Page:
Alpha Mannosidosis is a lifelong multi-systemic progression with neuromuscular and skeletal deterioration over decades. The timing of the appearance of symptoms correlates with the severity of the disease. Neonates with lysosomal disorders are mostly asymptomatic and only rarely severely affected, which delays diagnosis.1 2
The first decade of life is characterised by early development of hearing impairment, psychomotor delay, frequent recurrent infections, especially upper airway infections, pulmonary infections and acute/serous otitis media infections.3
During the second and third decades of their lives, patients develop polyarthropathy, ataxia, muscle weakness, and severe skeletal problems, which eventually leave the patient unable to walk. Patients typically present with skeletal and facial abnormalities, hearing loss, intellectual disability, and immune deficiency.4
In the more severe form, where the condition appears in infancy in most cases, and leads to early death following severe infections.5 However, those presenting with the milder form can usually survive into adulthood.6
When a neonate or infant has hearing difficulties and impaired motor skills, recurrent infections or skeletal abnormalities that child should be tested for lysosomal storage disease and Alpha Mannosidosis. Urine tests and blood tests for enzyme activity are reliable in establishing a diagnosis.8 Genetic testing can detect the mutation of the MAN2B1 gene that causes Alpha Mannosidosis, thus facilitating early identification and treatment.9
Recurrent ear infections associated with hearing loss.12 Progressive impairment of mental functions, speech and motor control.13 Hydrocephalus can be present in the first year of life.14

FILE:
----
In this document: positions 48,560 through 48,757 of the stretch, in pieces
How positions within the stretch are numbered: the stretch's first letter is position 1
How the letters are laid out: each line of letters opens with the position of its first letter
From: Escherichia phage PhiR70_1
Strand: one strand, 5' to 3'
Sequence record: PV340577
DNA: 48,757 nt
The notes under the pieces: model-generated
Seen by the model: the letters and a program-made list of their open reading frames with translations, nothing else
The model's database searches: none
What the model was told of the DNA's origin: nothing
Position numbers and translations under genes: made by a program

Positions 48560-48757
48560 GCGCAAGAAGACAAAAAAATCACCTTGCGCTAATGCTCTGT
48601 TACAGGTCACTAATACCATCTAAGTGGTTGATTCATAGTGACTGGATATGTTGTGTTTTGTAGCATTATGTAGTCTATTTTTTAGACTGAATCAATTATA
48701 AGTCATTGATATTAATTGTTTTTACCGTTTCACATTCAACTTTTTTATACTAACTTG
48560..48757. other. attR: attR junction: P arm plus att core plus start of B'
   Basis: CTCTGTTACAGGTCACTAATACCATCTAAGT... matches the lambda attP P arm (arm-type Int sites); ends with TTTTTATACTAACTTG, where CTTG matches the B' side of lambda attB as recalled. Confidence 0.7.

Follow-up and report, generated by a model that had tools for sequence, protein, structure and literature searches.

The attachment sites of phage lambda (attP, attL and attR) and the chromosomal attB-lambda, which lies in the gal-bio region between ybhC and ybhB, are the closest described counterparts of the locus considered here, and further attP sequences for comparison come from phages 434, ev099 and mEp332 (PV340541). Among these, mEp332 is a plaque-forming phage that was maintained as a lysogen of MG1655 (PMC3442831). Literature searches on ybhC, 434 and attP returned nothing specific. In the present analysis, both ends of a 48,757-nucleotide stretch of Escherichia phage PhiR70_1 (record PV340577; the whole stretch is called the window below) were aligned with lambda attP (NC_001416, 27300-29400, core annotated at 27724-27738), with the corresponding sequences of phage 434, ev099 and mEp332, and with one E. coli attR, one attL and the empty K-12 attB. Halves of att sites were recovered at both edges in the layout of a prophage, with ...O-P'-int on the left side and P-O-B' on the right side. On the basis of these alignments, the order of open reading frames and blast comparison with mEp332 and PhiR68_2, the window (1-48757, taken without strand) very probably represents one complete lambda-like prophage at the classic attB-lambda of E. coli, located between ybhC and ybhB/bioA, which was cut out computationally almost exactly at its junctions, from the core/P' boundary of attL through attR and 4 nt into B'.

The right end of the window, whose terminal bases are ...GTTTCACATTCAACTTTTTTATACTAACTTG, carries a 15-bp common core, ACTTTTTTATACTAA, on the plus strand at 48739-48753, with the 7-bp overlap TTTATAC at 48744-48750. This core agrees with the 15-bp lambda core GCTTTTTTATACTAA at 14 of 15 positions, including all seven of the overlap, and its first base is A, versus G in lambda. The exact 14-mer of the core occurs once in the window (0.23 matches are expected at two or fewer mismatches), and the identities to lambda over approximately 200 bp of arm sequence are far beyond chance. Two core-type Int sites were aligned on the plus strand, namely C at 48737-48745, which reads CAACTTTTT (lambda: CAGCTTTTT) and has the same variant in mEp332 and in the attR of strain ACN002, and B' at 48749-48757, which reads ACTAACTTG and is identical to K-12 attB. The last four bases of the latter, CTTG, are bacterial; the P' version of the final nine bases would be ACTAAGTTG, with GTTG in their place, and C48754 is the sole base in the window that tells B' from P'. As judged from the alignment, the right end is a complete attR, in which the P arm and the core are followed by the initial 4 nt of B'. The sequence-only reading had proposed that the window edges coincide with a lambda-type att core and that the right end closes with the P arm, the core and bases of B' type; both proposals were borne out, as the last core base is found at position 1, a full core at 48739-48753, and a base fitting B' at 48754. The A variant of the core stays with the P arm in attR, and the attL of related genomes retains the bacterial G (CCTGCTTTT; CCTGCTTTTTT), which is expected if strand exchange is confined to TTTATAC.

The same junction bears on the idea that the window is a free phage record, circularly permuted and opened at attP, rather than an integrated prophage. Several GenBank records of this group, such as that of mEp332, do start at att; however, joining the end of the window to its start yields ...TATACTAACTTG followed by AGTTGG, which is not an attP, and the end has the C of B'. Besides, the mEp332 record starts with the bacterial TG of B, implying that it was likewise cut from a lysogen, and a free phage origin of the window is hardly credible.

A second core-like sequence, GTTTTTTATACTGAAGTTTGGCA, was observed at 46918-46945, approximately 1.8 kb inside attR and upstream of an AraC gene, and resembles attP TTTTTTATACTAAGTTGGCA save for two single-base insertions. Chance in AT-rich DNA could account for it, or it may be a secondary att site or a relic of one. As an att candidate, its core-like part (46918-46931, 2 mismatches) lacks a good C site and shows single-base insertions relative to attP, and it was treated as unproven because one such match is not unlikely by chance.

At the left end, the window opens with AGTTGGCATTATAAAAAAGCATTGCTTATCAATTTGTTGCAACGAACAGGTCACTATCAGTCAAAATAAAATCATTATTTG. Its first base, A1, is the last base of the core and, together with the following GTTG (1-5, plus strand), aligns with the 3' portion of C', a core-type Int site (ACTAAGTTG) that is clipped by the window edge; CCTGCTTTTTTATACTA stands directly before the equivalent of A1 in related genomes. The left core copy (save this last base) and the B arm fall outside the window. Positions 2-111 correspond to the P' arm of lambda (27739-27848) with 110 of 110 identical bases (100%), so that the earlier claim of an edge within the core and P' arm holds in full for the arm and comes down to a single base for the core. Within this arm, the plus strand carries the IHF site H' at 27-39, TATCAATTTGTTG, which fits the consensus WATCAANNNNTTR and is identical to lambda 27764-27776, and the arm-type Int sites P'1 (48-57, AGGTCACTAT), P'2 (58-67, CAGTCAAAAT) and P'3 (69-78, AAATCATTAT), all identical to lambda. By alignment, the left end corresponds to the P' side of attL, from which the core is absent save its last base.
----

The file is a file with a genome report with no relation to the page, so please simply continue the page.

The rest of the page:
Muscular weakness and ataxia, skeletal abnormalities and destructive poly-arthropathy.15
Neuro-cognitive development is usually arrested and psychiatric disorders may also manifest.16
Patients are unable to achieve complete social independence.17
There are very limited data regarding life expectancy in adults.
The long-term prognosis of this condition is poor, and there is likely to be a progressive clinical deterioration throughout adult life.18 19
The timing of the appearance of symptoms correlates with the severity of the disease, with the severe form appearing in infancy, and usually leading to early death following severe infections.20
The mild and moderate forms of Alpha Mannosidosis – juvenile onset – have survival into adulthood.21 22
The information on this website is intended only to provide knowledge of Alpha Mannosidosis disease health topics. This information should not be used in place of advice from your GP or other healthcare professional. If in doubt please contact your doctor for advice. This website has been produced by Chiesi Pharmaceuticals. The website has been developed in accordance with industry and legal standards to provide information for healthcare professionals and the general public about Alpha Mannosidosis disease health topics. Chiesi Pharmaceuticals makes every reasonable effort to include accurate and current information. However, the information provided in this website is not exhaustive.